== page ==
Sunday, June 3, 2012

God, Both Near and Far

Sermon for Trinity Sunday, based on Isaiah 6:1-8
June 3, 2012

Woe is me! I am lost, for I am a preacher of limited understanding, and I live among a people of limited understanding; yet today is Trinity Sunday and I must preach!

Most Sundays in the church year commemorate something in Jesus’ life (like his birth or resurrection), or something in the life of the church (like Pentecost or Saint’s Days). Trinity Sunday is very different, for it is based on a doctrine. And this doctrine, while central to our faith, is more complicated than our limited understanding can fully grasp. 

When we think of God - many people focus in on the transcendent qualities of God. Transcendent is a fancy way of saying that God is independent and removed from the universe, that God is outside of the world. God is described as being all-knowing, and all-powerful.

Our Old Testament lesson today from Isaiah really brings to mind the transcendence of God. Isaiah is completely overwhelmed by his experience of God. God is so vast and enormous that the hem of God’s robe fills the temple. There are mysterious beings called seraphs that are speaking about God’s holiness. And smoke fills the room, adding a further element of mystery and distance. Isaiah exclaims: "Woe is me! I am lost, for I am a man of unclean lips, and I live among a people of unclean lips; yet my eyes have seen the King, the LORD of hosts!" (Isaiah 6:5) Isaiah is very aware of the fact that God is holy and he is not, that God is mighty and he is small. Isaiah is afraid.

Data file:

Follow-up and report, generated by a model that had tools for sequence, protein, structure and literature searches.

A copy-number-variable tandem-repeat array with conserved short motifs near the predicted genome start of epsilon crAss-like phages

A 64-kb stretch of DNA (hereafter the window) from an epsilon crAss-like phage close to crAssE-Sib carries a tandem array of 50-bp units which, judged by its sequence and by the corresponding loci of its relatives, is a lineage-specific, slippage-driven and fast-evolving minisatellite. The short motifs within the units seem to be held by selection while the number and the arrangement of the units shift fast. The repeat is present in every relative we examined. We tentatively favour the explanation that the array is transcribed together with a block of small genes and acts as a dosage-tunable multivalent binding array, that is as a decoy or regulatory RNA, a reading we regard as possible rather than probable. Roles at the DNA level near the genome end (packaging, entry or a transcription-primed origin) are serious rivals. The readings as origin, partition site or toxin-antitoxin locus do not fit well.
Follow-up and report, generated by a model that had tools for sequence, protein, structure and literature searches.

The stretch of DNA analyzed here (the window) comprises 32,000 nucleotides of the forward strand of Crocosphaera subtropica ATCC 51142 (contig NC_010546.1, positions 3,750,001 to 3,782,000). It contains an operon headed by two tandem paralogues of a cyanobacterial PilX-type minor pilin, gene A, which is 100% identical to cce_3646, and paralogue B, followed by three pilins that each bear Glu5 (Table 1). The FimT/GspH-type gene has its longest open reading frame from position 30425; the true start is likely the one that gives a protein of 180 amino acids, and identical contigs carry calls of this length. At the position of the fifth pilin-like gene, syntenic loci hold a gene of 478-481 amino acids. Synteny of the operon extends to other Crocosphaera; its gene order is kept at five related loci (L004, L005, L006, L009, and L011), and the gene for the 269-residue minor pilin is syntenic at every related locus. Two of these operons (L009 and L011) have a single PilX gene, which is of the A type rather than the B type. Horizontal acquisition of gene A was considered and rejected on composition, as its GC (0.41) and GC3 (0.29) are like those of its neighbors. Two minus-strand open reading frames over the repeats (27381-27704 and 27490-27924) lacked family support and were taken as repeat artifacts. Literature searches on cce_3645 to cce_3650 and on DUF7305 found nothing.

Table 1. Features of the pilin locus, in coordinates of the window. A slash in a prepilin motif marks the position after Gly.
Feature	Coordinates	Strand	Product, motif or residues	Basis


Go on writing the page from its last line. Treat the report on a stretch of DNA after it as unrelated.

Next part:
We don’t like to be afraid, but in this circumstance fear is a very reasonable reaction. One of the definitions of fear is a "profound reverence and awe especially toward God" (Merriam Webster). This is what Isaiah is experiencing when he exclaims “Woe is me!” Isaiah sees the vastness and power of God and realizes how simple and small and unclean he is in comparison.

It is very hard to understand how small we are in the vastness of time and space, let alone compared to the vastness of the power of God.

I’m sure many of you have heard of Douglas Adam’s multivolume Hitchhiker’s Guide to the Galaxy. In this series there is a form of punishment called the Total Perspective Vortex, which is thought to be the cruelest form of punishment possible. Intelligent, sentient beings are placed into the Total Perspective Vortex and are shown the vastness of time and space in its entirety, with a tiny arrow that indicates “you are here.” (The Restaurant at the End of the Universe, Ballantine, 1981, p.70). That is definitely one way of putting things into perspective!